Home Blood / Hematology Making Treatment Decisions About Discontinuing TKIs in Chronic Myeloid Leukemia

Making Treatment Decisions About Discontinuing TKIs in Chronic Myeloid Leukemia

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In the 1990s, the introduction of the tyrosine kinase inhibitor (TKI) imatinib for BCR-ABL-positive, chronic phase chronic myeloid leukemia (cpCML) drastically changed treatment and outcomes for patients with the disease.1 Instead of needing hematopoietic stem cell transplantation, these patients can now have their cpCML managed as a chronic disease and, indeed, they now have overall survival similar to that of age-matched controls.2 For example, the longest surviving patient with CML has been taking imatinib for over 24 years.3

Over
time, many patients with cpCML achieve deep molecular responses. Furthermore,
daily TKI treatment is often accompanied by side effects, can affect family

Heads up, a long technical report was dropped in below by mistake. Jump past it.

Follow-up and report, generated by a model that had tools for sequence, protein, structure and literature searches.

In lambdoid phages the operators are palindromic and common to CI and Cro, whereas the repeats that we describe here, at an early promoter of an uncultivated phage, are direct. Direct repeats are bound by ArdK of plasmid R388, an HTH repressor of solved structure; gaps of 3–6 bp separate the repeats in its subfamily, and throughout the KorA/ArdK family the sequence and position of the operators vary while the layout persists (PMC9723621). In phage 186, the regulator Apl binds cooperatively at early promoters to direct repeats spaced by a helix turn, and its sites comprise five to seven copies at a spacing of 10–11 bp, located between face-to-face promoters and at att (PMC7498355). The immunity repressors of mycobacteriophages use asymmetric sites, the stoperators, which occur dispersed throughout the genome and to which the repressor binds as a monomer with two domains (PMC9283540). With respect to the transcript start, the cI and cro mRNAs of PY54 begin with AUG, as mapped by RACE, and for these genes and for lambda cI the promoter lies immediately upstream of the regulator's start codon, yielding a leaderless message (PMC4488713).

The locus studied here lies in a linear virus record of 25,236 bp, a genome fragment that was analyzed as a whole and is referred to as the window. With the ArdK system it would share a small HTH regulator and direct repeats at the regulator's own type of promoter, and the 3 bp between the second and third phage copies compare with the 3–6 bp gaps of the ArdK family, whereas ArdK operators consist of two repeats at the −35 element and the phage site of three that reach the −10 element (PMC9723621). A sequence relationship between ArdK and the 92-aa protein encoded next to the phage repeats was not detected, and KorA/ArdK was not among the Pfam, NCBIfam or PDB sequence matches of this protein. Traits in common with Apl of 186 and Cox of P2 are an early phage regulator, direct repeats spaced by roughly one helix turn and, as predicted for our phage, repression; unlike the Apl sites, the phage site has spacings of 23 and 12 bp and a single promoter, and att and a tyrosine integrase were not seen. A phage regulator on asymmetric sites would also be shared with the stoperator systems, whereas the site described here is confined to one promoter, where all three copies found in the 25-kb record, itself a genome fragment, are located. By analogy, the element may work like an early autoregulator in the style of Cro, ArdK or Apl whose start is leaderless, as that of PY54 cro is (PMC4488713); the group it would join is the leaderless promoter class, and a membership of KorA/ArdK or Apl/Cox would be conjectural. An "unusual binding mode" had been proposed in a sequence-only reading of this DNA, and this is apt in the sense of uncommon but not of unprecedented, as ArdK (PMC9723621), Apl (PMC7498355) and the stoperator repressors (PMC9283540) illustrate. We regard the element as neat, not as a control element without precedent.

planning for younger patients, and may be financially burdensome.4 Because of this, researchers have
started to evaluate the discontinuation of TKIs in patients who have sustained
DMRs.1

In
an editorial published in Haematologica,
Charles Schiffer, MD, the Joseph Dresner Chair for Hematologic Malignancies in
the departments of oncology and medicine at Wayne State University School of
Medicine and the Karmanos Cancer Institute in Detroit, Michigan, summarized the
eligibility criteria for and outcomes of recent clinical trials on TKI
discontinuation.1

Although
each TKI discontinuation study conducted thus far has had slightly different
eligibility criteria, Dr Schiffer created a “consensus approximation.” Patients
must have had (1) TKI treatment for at least 3 years and (2) a continuous deep
molecular response for at least 2 years (minimum of MR4 or MR4.5).1

“The
process is quite simply that you stop [the TKI treatment] and then monitor for
the possibility of recurrence with blood tests,” explained Dr Schiffer in an
interview with Hematology Advisor.

To
monitor recurrence, the health care provider must conduct quantitative
polymerase chain reaction (qPCR) capable of detecting at least MR4.5 every 4 to
6 weeks for 6 to 8 months. Then, the qPCR monitoring may be relaxed to every 2
months for 1 year and subsequently every 3 months for at least 3 years.1

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